South Korea Struck by Online Suicide Pacts

Nine people in South Korea have committed suicide in three separate incidents within two days. The latest was a 72-year-old man who hanged himself at a construction site in Hoengseong, Kangwon Province, Thursday, police said.

Four women and one man -- in their 20s and 30s -- were found dead Wednesday in Hwaseong, just south of Seoul, after sealing a passenger car with plastics sheets and inhaling toxic fumes from burned coal briquettes.

They left suicide notes saying, "I have no more hope and no more dreams" and "please find my identification card in my back pocket."

Police were investigating their motive but assumed that the man recruited the four women on the Internet to participate in a group suicide.

Earlier in another city east of Seoul, Chuncheon, three men in their 20s were also found dead at a private room-for-rent lodge using the same method and sealing the door and windows with dark masking tape from inside the room they were sharing.

Police assumed that they, too, were driven by group suicide pacts cultivated online.

Such news is common here where the suicide rate is the highest among members of the Organization for Economic Cooperation and Development group of developed countries.

An average of 35.1 people killed themselves everyday in 2008, according to the health ministry. That's 24.3 for every 100,000 South Koreans, followed by 21 in Hungary, 19.4 in Japan, 16.7 in Finland and 15.8 in Belgium.

The National Statistics Office reported that the suicides are related to the economic downturn, as well as rapid social change within the family and the community.

Korean society in recent years has been plagued by continuous cases of suicide among celebrities, high-profile politicians and businessmen, teenagers and the elderly. Analysts say the most common cause is depression stemming from social and academic pressures or family troubles.

"There's a huge gap in this country because the speed of materialism spreading is much faster than the speed of cultural maturity that must grow together. It all comes from stress of rapid modernization," said Jeung Taek-Hee, an expert and consultant at Lifeline Korea.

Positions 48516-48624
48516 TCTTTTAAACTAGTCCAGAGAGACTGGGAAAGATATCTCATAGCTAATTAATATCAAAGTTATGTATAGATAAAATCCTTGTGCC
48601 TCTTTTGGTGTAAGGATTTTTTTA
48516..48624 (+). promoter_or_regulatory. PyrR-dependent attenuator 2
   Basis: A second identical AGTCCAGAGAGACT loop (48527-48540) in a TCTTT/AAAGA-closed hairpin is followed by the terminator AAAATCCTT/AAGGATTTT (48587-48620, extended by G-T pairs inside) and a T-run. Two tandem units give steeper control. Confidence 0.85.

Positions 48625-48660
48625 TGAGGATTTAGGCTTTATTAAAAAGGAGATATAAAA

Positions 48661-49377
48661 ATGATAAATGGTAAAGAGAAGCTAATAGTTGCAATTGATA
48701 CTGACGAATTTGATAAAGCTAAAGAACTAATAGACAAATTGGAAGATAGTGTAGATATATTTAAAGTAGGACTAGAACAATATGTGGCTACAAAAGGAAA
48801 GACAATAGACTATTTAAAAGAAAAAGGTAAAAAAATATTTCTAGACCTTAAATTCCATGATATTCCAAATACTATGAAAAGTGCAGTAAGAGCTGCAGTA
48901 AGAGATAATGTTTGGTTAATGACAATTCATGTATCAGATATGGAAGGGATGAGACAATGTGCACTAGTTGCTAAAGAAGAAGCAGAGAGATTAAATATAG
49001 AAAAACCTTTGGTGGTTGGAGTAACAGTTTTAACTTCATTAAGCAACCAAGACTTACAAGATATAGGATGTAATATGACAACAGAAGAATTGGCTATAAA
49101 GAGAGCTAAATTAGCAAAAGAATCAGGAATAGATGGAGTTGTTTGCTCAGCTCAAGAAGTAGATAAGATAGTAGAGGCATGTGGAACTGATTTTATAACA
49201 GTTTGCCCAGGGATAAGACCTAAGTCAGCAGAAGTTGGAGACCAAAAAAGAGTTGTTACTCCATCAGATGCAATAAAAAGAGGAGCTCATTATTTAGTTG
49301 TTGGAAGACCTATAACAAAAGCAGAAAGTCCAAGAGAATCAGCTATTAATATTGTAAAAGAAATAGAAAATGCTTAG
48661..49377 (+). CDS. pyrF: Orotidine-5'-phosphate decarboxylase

South Korea's Social Problems

Korean parents are having fewer children -- on average one per couple -- and more women are going into the workforce, which leaves the child alone. Although some corporations and government ministries are campaigning for workers to go home by 6 o'clock at least once a month to spend family time, Korean corporate culture still requires employees to participate in work-related dinners and stay late hours.

"Naturally, these busy parents end up spoiling the child who ends up self-centered and incapable of dealing with competition," Jeung said. "But the reality is that this society is very, very competitive."

Along with the miraculous rate of economic growth in the past decades, many South Koreans have become driven by materialism that has been passed on to their kids, Jeung said.

He noted that most of the people who commit suicide, especially the young teenagers, find themselves dangerously distressed by not being able to keep up with others materialistically and eventually become anti-social.

"The easiest place where they can meet friends who share the same pain is online through suicide communities or chat sites," Jeung said.

Once they find each other, they become, "eternal comrades" who "must accompany each other to death," he said.

According to the Ministry of Education, Science and Technology, 28.4 percent of young teenagers committed suicide in 2008 because of "disturbed family relations," mostly the result of parental divorce, 19.6 percent from pessimistic depression and 10.1 percent from academic pressure.

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